Our esteemed and fearless leader, Michael James, recently spoke to Finweek before their publication of a story about the local gaming market and a discussion video that sparked debate about female gamers and the local demographic. What I found interesting about the story and the discussion was that according to research conducted by Finweek, gamers spend a lot of money on gaming (Hey, it’s a better option than cigarettes or drugs).
Sometimes, even foodstuffs are taken into the equation because we have to stock up on our Doritos and Mountain Dew for the long sessions with our friends that may stretch into early morning. But although we are price-conscious, says Michael, “no price is too high for gamers.”
I think some elaboration is required here for those readers who aren’t interested in reading the Finweek article. Michael specifically touches on the fact that when it comes to hardware, gamers spend an insane amount of dosh on their chosen hobby.
Consoles cost upwards of R3500, controllers average R500, good high definition TVs start at R2500 and that’s not taking into account the games themselves, which are between R500 to R700 at launch.
Computers are equally expensive – even my System Builder’s Guide starts off at R4500 just for a semi-decent gaming tower because this stuff is expensive. That doesn’t yet take into account the software (R900), the peripherals (R500 for a decent mouse/keyboard), the monitors (R1500 and up) and the games, which start off at R400.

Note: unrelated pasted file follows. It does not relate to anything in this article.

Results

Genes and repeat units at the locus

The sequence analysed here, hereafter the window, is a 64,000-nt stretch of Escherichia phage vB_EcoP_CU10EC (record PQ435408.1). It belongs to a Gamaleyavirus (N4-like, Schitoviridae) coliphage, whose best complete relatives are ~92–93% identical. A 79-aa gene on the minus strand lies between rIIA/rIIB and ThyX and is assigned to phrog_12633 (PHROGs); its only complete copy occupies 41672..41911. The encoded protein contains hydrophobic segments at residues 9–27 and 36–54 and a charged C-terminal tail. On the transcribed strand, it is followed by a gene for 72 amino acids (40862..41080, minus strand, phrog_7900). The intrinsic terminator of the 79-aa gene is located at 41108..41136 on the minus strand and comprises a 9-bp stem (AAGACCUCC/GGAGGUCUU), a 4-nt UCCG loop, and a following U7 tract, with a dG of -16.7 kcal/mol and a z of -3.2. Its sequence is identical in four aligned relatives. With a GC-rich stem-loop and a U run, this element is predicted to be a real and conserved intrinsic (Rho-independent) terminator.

It gets really tricky when you take into account Steam sales and microtransactions (here’s looking at you, EA) and even things you’d never associate in the first place. Like a chair, a couch, or a good table. Or better lighting and a floor carpet to keep your feet warm.
But, I’d posit that there is a price too high because not everyone has the same limits. After all, a computer is very versatile – it can do far more than play games and many people use it for productivity purposes as well, which makes it worth the buy. You may pay R600 for your internet connection, but aside from online gaming and Steam downloads, there’s e-mail, social networking, video streaming, torrenting, reading NAG Online, watching NAG Online, earning a living spamming forums and all manner of things which makes up for the price.
There may be no price too high (for some) for adoption of the hardware that you need to get into your hobby, but it’s my opinion that the games are the things that rankle us the most. I have a Wii U that I bought during the fire sale – I haven’t yet bought the extra controller or more games, mostly because these things are too expensive.
The last PC game I purchased was Spec Ops: The Line for R100 because I wasn’t prepared to pay R300 for it. Its not that I can’t, or out of principle, its just that its too darned expensive.
Some people have the money to throw down on a gaming rig with a Core i7 and a Geforce GTX Titan shoved in, some don’t. Some people can afford to buy games on day one, but many wait for them to reach the second-hand shelves or, in my case, wait for almost a year to see them discounted.
No price is too high for the dedicated, hardcore crowd, but for average Joe there is a very tangible limit to how much we’re going to spend.